FEASIBILITY OF SOCIO-ECONOMICS AND BIODIVERSITY NETWORK IN SUPPORT OF THE CONTROL OF HPAI AND OTHER EMERGING OR RE-EMERGING TRANSBOUNDARY DISEASES IN AFRICA Cheikh LY Service d’Economie Rurale et Gestion Ecole Inter-Etats des Sciences et Médecine Vétérinaires EISMV – DAKAR, SENEGAL
FEASIBILITY OF SOCIO-ECONOMICS AND BIODIVERSITY NETWORK
IN SUPPORT OF THE CONTROL OF HPAI AND OTHER EMERGING OR
RE-EMERGING TRANSBOUNDARY DISEASES IN AFRICA
Service d’Economie Rurale et Gestion
Ecole Inter-Etats des Sciences
et Médecine Vétérinaires
EISMV – DAKAR, SENEGAL
Consultant for Alive
Bamako Subregional Stakeholders’ Workshop
Côte d’Ivoire, Ghana, Mali, Nigeria (Ly & Sonaiya)
Naïrobi – 15 – 16 October 2008
Bamako – 25 – 26 October 2008
Gaborone - ??
d. Report – Submission in November 2008
e. Alive EC – Sharm El Sheikh / Postponed
Study the feasibility of
a socio-economics and
in support of the control of HPAI
other emerging or re-emerging transboundary diseases
Four basic considerations are used to build a rationale:
1. The most effective way to reduce the costs of disease is to control
new outbreaks rapidly. Outbreak control needs to be implemented in a way
that is efficient, safe and environmentally sound while minimising damage
to value chains and livelihoods.
2. Biosecurity & structural changes to the poultry sector & erosion of genetic diversity.
3. HPAI control requires an efficient and transparent financing process and
a support system that not only helps farmers to recover from immediate
losses from outbreaks but also assists them and other value chain agents
to re-establish their operations and improve animal husbandry.
4. Comprehensive analysis of the long term costs and impacts of HPAI control in Africa has yet to be done but also for other transboundary diseases
(RFV in the Horn of Africa, FMD, CBPP in Southern Africa, ASF in Western Africa, NCD).
Questions to be answered ?
1. How to acquire and share knowledge, views, experience?
2. How to promoteskills and knowledge in the economics of TADs in
3. How to insure efficiencyof information
dissemination, research and development (R&D)
at the different layers of decision-making
from local to international?
POWER DOES NOT RESIDE IN INSTITUTIONS NOT EVEN THE STATE OR LARGE CORPORATIONS.
It is located in the NETWORKS that structure society
Policy communities ; policy actors; civil society
Management; knowledge; public policy; advocacy; etc
The CONCEPT LARGE CORPORATIONS.
“Networks are formal or informal structures that link actors (individuals or organisations) who share a common interest or a general set of values¨.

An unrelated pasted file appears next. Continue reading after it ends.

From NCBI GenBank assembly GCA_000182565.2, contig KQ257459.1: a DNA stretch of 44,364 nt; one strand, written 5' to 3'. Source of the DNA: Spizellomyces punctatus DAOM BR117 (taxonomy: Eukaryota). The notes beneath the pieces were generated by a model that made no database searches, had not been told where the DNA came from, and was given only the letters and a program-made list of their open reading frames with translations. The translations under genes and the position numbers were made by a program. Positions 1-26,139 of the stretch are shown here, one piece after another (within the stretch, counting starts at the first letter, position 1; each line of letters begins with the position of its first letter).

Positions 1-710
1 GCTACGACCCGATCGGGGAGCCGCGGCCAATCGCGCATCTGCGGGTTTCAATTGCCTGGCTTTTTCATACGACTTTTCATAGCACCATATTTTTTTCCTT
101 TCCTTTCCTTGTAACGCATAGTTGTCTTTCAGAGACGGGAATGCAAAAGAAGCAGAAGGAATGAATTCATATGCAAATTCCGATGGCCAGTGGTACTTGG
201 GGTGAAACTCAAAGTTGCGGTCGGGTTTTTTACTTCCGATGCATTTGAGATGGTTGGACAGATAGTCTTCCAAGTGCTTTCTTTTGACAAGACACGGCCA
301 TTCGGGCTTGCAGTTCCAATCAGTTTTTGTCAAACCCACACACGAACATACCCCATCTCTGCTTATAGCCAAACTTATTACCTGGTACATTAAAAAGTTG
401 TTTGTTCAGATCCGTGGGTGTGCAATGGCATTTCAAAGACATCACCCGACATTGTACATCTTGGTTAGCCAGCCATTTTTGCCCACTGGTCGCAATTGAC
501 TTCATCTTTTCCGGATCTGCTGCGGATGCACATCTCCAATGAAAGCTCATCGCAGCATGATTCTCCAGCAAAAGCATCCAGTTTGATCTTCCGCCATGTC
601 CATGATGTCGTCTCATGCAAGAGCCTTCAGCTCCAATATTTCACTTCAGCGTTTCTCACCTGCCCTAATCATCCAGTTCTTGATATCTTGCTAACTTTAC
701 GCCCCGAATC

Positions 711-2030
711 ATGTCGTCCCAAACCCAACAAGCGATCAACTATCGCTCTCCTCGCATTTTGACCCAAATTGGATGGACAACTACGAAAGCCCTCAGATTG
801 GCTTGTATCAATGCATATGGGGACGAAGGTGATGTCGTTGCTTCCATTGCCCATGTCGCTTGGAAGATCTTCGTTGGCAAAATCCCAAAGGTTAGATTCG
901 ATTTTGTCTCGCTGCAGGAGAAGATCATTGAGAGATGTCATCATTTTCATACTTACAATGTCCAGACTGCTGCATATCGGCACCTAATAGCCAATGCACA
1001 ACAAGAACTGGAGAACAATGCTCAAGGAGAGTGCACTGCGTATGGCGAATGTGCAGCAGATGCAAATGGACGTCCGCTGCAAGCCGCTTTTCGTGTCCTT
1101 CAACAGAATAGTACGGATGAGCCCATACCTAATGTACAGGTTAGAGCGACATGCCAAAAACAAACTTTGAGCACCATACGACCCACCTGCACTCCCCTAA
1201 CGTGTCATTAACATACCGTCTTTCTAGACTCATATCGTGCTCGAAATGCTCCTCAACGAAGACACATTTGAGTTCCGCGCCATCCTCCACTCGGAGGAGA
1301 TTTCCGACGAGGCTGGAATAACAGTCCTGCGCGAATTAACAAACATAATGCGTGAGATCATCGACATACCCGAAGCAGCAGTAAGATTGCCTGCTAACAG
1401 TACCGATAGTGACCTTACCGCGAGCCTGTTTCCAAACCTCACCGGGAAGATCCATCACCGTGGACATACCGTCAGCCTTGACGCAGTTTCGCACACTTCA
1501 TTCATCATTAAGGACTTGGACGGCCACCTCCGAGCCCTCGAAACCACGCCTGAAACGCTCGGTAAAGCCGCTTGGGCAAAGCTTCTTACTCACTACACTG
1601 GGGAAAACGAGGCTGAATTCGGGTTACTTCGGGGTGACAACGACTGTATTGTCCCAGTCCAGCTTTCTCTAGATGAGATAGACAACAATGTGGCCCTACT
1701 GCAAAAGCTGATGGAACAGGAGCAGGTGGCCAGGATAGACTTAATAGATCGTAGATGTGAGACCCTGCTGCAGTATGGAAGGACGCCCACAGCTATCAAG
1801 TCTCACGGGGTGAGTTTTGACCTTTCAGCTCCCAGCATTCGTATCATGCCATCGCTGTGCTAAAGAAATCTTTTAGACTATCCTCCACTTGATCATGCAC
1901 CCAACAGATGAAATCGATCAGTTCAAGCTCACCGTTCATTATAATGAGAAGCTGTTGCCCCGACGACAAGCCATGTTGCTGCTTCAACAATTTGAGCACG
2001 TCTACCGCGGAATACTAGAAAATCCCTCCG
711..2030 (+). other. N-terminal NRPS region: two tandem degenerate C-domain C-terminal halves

Organisational structures or processes bringing actors together.
They constitute a way to gather, assess and share knowledge and learning.
Networks are now considered the most effective organisational model.
Networks are viewed as the solution to all worries.
This is amplified by the “end of project-era mechanisms”.
However, networks are not magic bullets.
In developing countries, the challenges of networking are significantly greater that in the North. Economic, social and political environments are more difficult.
Capacity is more limited. Resources are scarcer.
They can be formal or informal.
They can help LARGE CORPORATIONS. marshal evidence and increase the influence of good quality
evidence in the policy process;
They can foster links between researchers and policy-makers;
They can help bypass formal barriers to consensus;
They can bring resources and expertise to policy-making; and
broaden the pro-poor impact of a policy.
Networks are considered cost-effective ways to access or provide goods and
services to a large constituency or membership.
Sustainability of interventions is possible through developing strong springboards.
And, of course, networks can provide both direct and indirect access to
Six non-exclusive functions for networks LARGE CORPORATIONS. : Network functions approach (ODI).
Strategies and activities of networks:
1. Filters: Filtering, to help members find their way through often unmanageable amounts of information.
2. Amplifiers: Amplifying to make little-known or little-understood ideas more widely understood;
3. Convenors: Convening to bring together members from different communities.
4. Facilitators:Facilitating learning and the main activities of their members.
5. Community or specialgroups builder networks: Community-building, to promote and sustain a cohesive group.
6. Investors/Providers: Investing or providing resources, capacities and skills to their members.
Simultaneously or with trade-offs
6 functions LARGE CORPORATIONS.
a support role : interest-group or community development
and learning among the members
an agency role : developing and amplifying the voice of the members
Policy process LARGE CORPORATIONS.
Policy process LARGE CORPORATIONS.
How the form defines the functions of the network LARGE CORPORATIONS.
L + S
S + A
C + S
L+S: Localisation and scope
C+S: Capacities and skills
C: Communications S+A: Strategic and adaptive capacity
EE: External environment
4. The need for a network LARGE CORPORATIONS.
5. Scheme for the network LARGE CORPORATIONS.
6. Specific objectives LARGE CORPORATIONS.
8. Participatory approach disease
9. disease Expected impacts of the network & long term sustainability
ACTIVITIES SO FAR disease
Etude de faisabilité d’un réseau sur la socio-économie et la biodiversité
pour appuyer la lutte contre la grippe aviaire
et les maladies transfrontalières émergentes ou ré-émergentes
ATELIER CONSULTATIF SOUS-RÉGIONAL
23-24 Octobre 2008, CRSA, Bamako, Mali
Termes de référence & Programme
SPECIAL THANKS TO : et la biodiversité